Ice Cold in Alex

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What makes a good war film? At its best, the war movie goes beyond mere action, heroism and patriotism. It provides the opportunity to show real human drama and real human frailty under the most extreme circumstances. The small, everyday, mundane struggles between individuals, and within individuals, play against the backdrop of the larger conflict. There is also the matter of character and how its strength or weakness can shape the course of events and the direction of men’s lives. The British film industry has succeeded in producing some fine war movies, and Ice Cold in Alex (1958) is no exception. This is no epic production; it really only deals with the experiences of four people yet it touches on some very big themes, not the least of which are honour and decency.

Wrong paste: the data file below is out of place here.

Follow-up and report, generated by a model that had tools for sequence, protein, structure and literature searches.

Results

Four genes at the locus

It’s 1942, Rommel’s Afrika Korps are racing across North Africa, and Tobruk is about to be besieged. Captain Anson (John Mills) is a man nearing the end of his tether, both physically and mentally. The unrelenting hardship of the desert war has driven him to drink, and his dependency on the bottle, while superficially steadying his nerves, threatens to undermine his judgment. Having been ordered to take his ambulance out of Tobruk before the siege begins, he finds himself faced with an overland trek to Alexandria accompanied by the phlegmatic Sergeant Major Pugh (Harry Andrews) and two nurses (Sylvia Sims & Diane Clare). Along the way they pick up an Afrikaaner, Van Der Poel (Anthony Quayle) who proves to be an asset in a number of situations. It’s Van Der Poel’s ability to speak German which gets them out of a tricky spot when Anson panics and tries to outrun an enemy patrol. However, the incident leads to the death of one of the nurses and Anson’s subsequent pledge to lay off the liquor until they reach Alex, where he’ll buy them all an ice cold beer.